So spoke Jake Bowers, all of eight years old, of cystic fibrosis
, a genetic disease which affects one’s lungs and digestive system and with which he had been diagnosed just six weeks into his life.
His mother Kathy, a registered nurse, fielded the question. Although she had been proactive with his treatment, managed his home care, knew well the downside, and brought positive energy to the arduous and uncertain journey, she was stunned by her young son’s question about his mortality.
Quickly, she regained her composure.
“Cystic fibrosis can cause people to lose their life,” she told Jake, a 2003 Collegiate graduate, on that day 27 years ago. “We’re going to work hard to make sure that doesn’t happen to you.”
Resolute words, to be sure. Powerful words. Hope-against-hope words. Words to live by, though. Definitely words to live by.
“When Jake was diagnosed,” Kathy said, “I had just finished my last class in nursing school. When the doctor called and gave me the diagnosis, I went and grabbed my (pediatrics) book. It said the mean age of survival was 12. I totally lost it. I couldn’t grasp it. I said, That can’t happen to my son!”
The odyssey was just beginning.
In his youth, Jake pulled as many as four multi-week hospital stints each year. Tune-ups, he called them. They involved a regimen of antibiotics administered by IV’s, steroids, and manual chest pulmonary hygiene therapy, the latter of which, he describes as “a fancy term for someone pounding on your chest very hard for an hour at a time four times a day trying to knock the mucus loose so I could cough it up.”
Despite the challenges, he’s overcome and prospered, all with Kathy’s care and encouragement.
“From six weeks forward,” Jake said, “she devoted her life to making sure I had the best possible chance to survive. Not only survive but live as close to a normal life as possible. It wasn’t always easy when I was getting into my teen years and wanted to be rebellious. She was very good at keeping me on task. Without her, I probably would have let myself run ragged. First and foremost, I owe my life to her.”
Jake’s Eureka moment came with that long-ago conversation.
“At that point,” Jake recalls, “the life expectancy was about 30. At eight years old, the reality was beginning to set in. That’s heavy stuff for a kid. She didn’t give me a canned, make-me-feel-better response. She said, You can accomplish anything, and I’m going to help you the whole way. Every day is going to be a struggle and a fight, but you can do it. You will do it.
“Hearing that, I knew that this was something I’d have to deal with. I wouldn’t let it affect me anymore than it absolutely, bare-minimum had to. You can allow it to take you over, or you can fight it and beat it.”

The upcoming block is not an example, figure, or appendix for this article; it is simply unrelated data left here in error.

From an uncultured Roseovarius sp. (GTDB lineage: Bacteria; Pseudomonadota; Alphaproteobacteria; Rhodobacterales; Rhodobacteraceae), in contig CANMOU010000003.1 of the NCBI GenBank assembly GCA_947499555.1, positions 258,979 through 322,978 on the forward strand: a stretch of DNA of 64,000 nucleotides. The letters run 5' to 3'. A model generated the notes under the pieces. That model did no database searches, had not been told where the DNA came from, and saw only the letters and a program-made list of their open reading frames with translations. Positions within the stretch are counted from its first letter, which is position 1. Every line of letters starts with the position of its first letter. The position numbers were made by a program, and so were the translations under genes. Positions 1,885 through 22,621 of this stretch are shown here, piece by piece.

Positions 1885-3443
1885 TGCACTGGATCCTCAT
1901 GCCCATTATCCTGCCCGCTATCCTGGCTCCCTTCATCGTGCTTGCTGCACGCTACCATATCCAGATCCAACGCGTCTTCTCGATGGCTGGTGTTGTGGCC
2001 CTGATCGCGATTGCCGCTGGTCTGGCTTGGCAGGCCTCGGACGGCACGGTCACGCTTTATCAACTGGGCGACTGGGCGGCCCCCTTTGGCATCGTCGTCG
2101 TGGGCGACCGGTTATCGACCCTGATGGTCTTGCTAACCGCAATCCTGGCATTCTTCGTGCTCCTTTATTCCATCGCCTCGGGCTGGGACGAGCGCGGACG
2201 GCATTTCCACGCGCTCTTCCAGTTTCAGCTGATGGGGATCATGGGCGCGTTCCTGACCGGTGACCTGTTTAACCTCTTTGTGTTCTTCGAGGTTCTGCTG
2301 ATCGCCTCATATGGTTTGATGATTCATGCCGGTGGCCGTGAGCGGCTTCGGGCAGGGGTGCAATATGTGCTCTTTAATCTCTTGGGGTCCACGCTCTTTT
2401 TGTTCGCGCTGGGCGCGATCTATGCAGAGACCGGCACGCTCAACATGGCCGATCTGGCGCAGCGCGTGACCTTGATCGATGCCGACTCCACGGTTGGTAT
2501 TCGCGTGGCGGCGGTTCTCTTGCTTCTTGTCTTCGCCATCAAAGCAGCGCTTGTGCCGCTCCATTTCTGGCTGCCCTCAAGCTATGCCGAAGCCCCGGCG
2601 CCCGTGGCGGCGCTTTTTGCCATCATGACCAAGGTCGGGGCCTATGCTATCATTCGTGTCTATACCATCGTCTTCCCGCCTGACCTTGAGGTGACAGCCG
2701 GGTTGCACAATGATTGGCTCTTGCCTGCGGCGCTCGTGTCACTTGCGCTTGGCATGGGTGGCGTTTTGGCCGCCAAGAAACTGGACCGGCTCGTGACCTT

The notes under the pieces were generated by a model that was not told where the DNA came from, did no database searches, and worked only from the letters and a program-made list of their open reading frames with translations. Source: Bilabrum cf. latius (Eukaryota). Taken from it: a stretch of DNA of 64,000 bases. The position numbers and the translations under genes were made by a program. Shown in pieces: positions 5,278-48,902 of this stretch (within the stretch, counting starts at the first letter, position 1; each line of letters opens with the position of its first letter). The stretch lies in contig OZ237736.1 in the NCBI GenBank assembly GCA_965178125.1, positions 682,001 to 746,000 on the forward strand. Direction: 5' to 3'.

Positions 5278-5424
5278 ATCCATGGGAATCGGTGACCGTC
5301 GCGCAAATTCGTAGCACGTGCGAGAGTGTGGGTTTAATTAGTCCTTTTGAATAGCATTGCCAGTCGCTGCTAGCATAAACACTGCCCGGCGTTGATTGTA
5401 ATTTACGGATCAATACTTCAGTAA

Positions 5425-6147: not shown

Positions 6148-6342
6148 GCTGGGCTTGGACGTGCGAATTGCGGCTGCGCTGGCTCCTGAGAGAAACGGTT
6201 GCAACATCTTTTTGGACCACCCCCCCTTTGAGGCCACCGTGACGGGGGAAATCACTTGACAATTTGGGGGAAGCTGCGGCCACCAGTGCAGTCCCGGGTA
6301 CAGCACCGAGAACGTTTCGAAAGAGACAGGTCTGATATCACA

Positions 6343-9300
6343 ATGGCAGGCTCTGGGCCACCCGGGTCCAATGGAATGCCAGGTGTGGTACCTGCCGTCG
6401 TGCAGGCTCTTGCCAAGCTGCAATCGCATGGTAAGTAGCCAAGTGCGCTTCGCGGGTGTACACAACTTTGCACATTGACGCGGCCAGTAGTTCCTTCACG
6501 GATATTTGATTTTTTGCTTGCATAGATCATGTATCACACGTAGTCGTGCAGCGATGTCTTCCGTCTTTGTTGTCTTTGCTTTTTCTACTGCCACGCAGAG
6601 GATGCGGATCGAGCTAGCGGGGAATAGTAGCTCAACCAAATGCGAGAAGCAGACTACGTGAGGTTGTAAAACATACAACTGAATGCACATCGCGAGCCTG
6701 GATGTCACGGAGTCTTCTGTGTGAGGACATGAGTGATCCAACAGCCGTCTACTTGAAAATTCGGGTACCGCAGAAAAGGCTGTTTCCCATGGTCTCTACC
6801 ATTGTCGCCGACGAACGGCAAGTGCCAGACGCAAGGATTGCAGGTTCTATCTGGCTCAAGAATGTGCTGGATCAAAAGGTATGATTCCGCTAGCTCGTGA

Jake’s story goes well beyond the words.
At Collegiate, he ran track and tested his mettle against imposing Prep League sprint competition in the 100, 200, 400, 4x100, and 4x400.
His high school eligibility exhausted, he walked on at Virginia Commonwealth University. Just happy to make a Division I roster, he competed mainly on relays as a freshman, then availed himself of the opportunity to try the decathlon his sophomore year.
Undaunted, eager, athletic, and definitely stronger – through weight training he now checked in at 6-0, 180 – he embraced the chance to challenge himself both as an athlete and a CF patient.
“At first,” he said, “I’d just enter random events to get used to competing under pressure, not just practicing. I was good at throwing for my size, but obviously I wasn’t going to compete with 300-pound body builders. I’d never touched the pole vault before in my life, so that was one of the things I had to learn.”
He learned well the vault plus an array of track and field events that fell outside his comfort zone as a sprinter. Case in point, in the 2005 Colonial Athletic Association championship meet at George Mason University, he placed sixth in the decathlon, earning three team points and helping the Rams finish second in a very competitive league.
Think about it. A guy with reduced lung capacity, competing in 10 grueling events, only two of which he had run in high school, in a span of two days. And the finale was the 1500 meters, quite a stretch for a CF survivor. The 3,776 points he amassed were a personal best. His performance was the pinnacle of his athletic career.
Has he ever wondered what he could have achieved with healthy lungs? Of course, but the wonder is short-lived. You see, through his trials, he’s never dwelled on what might have been. Philosophical, uncomplaining, and humble to a fault, he simply makes the most of his ability and resources.
“You can’t get caught up in what-ifs,” he said. “I’m just proud of what I’ve accomplished.”
A collapsed lung followed by complications and subsequent hospitalization effectively ended Jake’s track career, but the setback hardly affected his spirit.
“Jake was in post-op,” recalled Kathy Bowers, “and the CF doctor came in and talked to us about what could happen down the road and how lung transplants work.